WASHINGTON: The craze of Android is increasing rapidly among mobile users. It is obvious because it provides us a wide range of applications that we all are fond of and and the most of the best smartphones in the world are running on it. But have you thought that it can have unknown drawbacks also? This article is specially written to aware all the user with its negative side. A security firm has stated that the Android operating system accounted for 79 per cent of all malware infections on smartphones, and the threat is multiplying.
Finland-based F-Secure said in a report that the free Google operating system, which has been gaining smartphone market share globally, has become the dominant platform targeted by hackers.
“Every quarter, malware authors bring forth new threat families and variants to lure more victims and to update on the existing ones,” the F-Secure quarterly report said.
“In the fourth quarter alone, 96 new families and variants of Android threats were discovered, which almost doubles the number recorded in the previous quarter.”
The only other platform with any significant share of malware was Symbian, the system dropped by Nokia, which F-Secure said accounted for 19 per cent.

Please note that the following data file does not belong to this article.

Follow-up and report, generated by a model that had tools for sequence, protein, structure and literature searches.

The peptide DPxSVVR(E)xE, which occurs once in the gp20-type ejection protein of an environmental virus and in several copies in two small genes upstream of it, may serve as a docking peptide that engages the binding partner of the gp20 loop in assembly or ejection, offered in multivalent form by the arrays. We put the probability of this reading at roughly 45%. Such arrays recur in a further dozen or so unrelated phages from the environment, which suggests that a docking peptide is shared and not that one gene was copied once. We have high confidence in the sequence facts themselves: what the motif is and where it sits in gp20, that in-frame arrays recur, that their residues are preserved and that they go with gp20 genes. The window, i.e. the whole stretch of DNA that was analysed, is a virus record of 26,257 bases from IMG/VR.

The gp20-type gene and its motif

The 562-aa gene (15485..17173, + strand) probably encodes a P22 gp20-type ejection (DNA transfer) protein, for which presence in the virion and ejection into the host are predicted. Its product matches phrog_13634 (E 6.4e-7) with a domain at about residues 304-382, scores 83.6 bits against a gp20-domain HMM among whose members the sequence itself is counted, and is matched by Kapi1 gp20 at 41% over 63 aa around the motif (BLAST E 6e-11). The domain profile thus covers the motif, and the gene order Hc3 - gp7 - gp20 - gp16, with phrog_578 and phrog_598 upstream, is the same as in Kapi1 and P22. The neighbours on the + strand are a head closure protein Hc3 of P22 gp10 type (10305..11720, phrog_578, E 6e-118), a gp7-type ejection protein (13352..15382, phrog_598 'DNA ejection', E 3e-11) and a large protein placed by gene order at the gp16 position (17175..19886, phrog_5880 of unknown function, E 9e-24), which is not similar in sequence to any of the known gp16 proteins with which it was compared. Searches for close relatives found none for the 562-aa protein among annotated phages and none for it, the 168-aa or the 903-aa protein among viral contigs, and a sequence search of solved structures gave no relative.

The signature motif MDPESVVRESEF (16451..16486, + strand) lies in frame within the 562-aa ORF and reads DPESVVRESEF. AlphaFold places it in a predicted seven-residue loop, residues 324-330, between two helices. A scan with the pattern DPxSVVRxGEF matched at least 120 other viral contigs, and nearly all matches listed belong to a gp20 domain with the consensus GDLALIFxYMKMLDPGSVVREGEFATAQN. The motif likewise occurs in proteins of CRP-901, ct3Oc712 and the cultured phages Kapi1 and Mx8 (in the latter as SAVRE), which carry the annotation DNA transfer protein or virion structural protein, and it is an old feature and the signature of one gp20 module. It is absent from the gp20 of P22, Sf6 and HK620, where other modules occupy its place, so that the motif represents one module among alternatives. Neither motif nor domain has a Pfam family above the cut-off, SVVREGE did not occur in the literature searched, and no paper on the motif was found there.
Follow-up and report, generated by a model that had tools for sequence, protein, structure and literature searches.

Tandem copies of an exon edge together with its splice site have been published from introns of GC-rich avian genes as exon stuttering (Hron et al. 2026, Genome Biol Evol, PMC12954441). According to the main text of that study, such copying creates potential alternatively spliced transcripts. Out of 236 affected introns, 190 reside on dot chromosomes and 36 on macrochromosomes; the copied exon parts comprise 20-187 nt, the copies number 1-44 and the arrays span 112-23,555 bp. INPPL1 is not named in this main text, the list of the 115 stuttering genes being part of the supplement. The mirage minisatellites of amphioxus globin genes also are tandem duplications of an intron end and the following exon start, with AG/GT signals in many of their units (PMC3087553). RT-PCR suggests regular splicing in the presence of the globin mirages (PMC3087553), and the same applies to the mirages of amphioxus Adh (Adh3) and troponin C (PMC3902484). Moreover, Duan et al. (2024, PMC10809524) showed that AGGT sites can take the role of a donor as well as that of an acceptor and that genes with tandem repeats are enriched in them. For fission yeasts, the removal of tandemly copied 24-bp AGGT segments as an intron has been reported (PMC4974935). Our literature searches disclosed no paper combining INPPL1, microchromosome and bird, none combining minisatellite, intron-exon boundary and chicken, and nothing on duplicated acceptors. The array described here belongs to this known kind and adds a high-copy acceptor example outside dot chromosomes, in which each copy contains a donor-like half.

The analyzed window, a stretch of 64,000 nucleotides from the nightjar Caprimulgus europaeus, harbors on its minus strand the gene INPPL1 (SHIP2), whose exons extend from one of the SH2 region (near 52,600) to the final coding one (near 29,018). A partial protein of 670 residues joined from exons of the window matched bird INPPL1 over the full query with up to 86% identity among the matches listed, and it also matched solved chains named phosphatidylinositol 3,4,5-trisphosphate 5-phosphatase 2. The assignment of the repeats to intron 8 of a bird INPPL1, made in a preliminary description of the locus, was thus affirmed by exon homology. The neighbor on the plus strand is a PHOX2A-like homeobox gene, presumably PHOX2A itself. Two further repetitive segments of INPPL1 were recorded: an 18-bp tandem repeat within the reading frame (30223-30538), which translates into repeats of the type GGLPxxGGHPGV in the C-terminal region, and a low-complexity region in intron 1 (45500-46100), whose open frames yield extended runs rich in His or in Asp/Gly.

Other major platforms including Apple’s iOS, BlackBerry and Windows Phone each had less than one per cent of mobile phone infections.
“Blackberry, iOS, Windows Mobile, they may see some threats popping up once in a while. But most likely, the threats are intended for multiple platforms,” the report noted.
There has been found different different types of malwares. F-Secure said some of the threats included “shady SMS-sending practices” that can sign up victims to an SMS-based subscription service. Other malware includes banking trojans, designed to steal passwords for online accounts and transfer money from the victims’ accounts.
One of these, called Eurograbber, came as a PC virus but tricked users into installing a version on their mobile device, and has been linked to the theft of $47 million from European customers, F-Secure said.
The report said Android malware has outpaced its share of the overall market. While its market share rose to 68.8 per cent in 2012, its malware share rose to 79 per cent from 66.7 per cent the previous year.
A recent study by Kaspersky Labs has found that the most popular targets for cyber criminals were Android devices running version 2.3.6, commonly referred to as Gingerbread, and Android 4.0.4 Ice Cream Sandwich.